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Title:Evolution of protein structure, function, and dynamics in biological systems
Author(s):Mughal, Fizza
Director of Research:Caetano-Anolles, Gustavo
Doctoral Committee Chair(s):Caetano-Anolles, Gustavo
Doctoral Committee Member(s):Hudson, Matthew E; Rodriguez-Zas, Sandra L; Zhao, Sihai Dave
Department / Program:Graduate College Programs
Discipline:Informatics
Degree Granting Institution:University of Illinois at Urbana-Champaign
Degree:Ph.D.
Genre:Dissertation
Subject(s):Phylogenomics
Comparative genomics
Evolution
Protein Structure
Network Biology
Protein Flexibility
Abstract:Biological systems are complex entities comprising of parts that interact with each other within and across different levels of the hierarchy of biological organization to achieve common goals. We find that evolutionary constraints vary with different levels of granularity of the structure of biological systems. Different levels of organization and their parts often use similar strategies to achieve different goals. For example, at the organismal level cellular and viral proteomes leverage disorder to achieve advanced functionality and functional economy, respectively. Intrinsic disorder analysis at the protein domain level revealed that early protein domains were ordered and therefore, disorder is a benefit that was acquired later in evolution. In contrast, at the more granular level of protein secondary structure, we found that protein loops of ordered ancient fold families were highly disordered. Remarkably, the disorder analysis of protein loops uncovered the presence of ‘ordered’ loops, the existence of which could be explained by some molecular functions requiring a certain level of structural integrity, which is subsequently conserved to retain protein function. We surveyed pathways in biological systems to capture interactions of subnetworks and enzymes by analyzing evolving metabolic networks and find that hierarchical modularity is a key evolutionary principle of organization. Small world behavior increases at lower levels and decreases at higher levels of organization in evolving metabolic networks. Remarkably, we find similar small world tendencies in evolving dynamics networks of protein loops. Lastly, we present a structural morphospace to study these varying levels of organizations as well as the relationship between the order resulting from evolutionary constraints and intrinsic disorder that is also evolutionarily conserved. Structural morphospaces for dynamics networks, and evolving metabolic networks occupy regions that are reflective of the constraints acting on that specific level. We find that evolutionary constraints act on higher levels of organization following a biphasic pattern of diversification and growth, while optimizing for robustness. Moreover, evolution leverages disorder to maintain control, order and introduce innovation in the system.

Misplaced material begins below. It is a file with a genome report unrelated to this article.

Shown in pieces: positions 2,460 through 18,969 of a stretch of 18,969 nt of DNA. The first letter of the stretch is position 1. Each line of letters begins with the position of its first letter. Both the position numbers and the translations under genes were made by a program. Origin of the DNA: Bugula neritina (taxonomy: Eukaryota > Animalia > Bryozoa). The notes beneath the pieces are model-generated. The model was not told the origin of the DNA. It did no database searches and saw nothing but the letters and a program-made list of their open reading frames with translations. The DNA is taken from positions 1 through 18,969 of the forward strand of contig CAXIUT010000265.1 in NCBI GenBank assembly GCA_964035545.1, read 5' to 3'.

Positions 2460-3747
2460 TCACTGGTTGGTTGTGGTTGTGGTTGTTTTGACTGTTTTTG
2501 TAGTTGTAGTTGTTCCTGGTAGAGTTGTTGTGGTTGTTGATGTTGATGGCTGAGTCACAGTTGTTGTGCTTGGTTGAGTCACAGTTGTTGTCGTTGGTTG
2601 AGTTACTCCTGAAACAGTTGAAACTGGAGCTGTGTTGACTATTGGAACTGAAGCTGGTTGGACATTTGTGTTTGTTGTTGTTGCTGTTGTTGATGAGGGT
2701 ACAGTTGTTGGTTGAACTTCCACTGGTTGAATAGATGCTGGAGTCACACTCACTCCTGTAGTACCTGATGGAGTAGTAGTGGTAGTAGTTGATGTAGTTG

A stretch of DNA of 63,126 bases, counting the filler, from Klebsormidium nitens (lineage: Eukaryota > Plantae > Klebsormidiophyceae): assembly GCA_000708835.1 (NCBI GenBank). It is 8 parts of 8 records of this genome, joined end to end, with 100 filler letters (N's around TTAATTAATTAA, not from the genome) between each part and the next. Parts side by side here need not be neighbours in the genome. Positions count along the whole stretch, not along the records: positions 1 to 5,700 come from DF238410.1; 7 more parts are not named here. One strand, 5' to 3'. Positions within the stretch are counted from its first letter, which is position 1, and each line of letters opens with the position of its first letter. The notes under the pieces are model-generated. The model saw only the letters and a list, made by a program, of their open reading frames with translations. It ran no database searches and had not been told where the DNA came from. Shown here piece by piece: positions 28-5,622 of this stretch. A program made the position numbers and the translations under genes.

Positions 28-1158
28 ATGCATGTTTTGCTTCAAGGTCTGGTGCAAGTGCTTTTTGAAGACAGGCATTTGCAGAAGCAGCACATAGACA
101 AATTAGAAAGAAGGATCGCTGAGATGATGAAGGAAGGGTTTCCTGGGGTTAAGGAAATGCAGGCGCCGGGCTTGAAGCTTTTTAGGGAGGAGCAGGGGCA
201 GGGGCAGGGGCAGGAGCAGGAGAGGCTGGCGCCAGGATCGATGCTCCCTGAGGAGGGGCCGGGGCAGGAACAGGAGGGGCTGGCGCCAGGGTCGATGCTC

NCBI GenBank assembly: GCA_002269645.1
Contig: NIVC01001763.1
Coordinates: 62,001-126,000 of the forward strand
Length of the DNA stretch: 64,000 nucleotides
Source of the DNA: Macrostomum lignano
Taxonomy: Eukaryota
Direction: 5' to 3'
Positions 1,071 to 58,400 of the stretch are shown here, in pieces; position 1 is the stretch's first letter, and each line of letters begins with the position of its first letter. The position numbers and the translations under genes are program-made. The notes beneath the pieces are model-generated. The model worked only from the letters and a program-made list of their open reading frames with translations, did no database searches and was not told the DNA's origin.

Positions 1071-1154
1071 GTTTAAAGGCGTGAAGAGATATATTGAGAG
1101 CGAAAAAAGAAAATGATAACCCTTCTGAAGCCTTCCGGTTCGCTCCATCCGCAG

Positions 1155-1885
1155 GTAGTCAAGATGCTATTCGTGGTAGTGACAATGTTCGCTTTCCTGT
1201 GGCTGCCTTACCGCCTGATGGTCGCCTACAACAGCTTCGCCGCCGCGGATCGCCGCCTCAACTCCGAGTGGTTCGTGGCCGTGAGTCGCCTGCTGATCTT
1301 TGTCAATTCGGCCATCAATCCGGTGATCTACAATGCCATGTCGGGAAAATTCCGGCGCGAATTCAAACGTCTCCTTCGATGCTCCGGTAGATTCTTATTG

Issue Date:2020-05-03
Type:Thesis
URI:http://hdl.handle.net/2142/108299
Rights Information:Copyright 2020 Fizza Mughal
Date Available in IDEALS:2020-08-27
Date Deposited:2020-05


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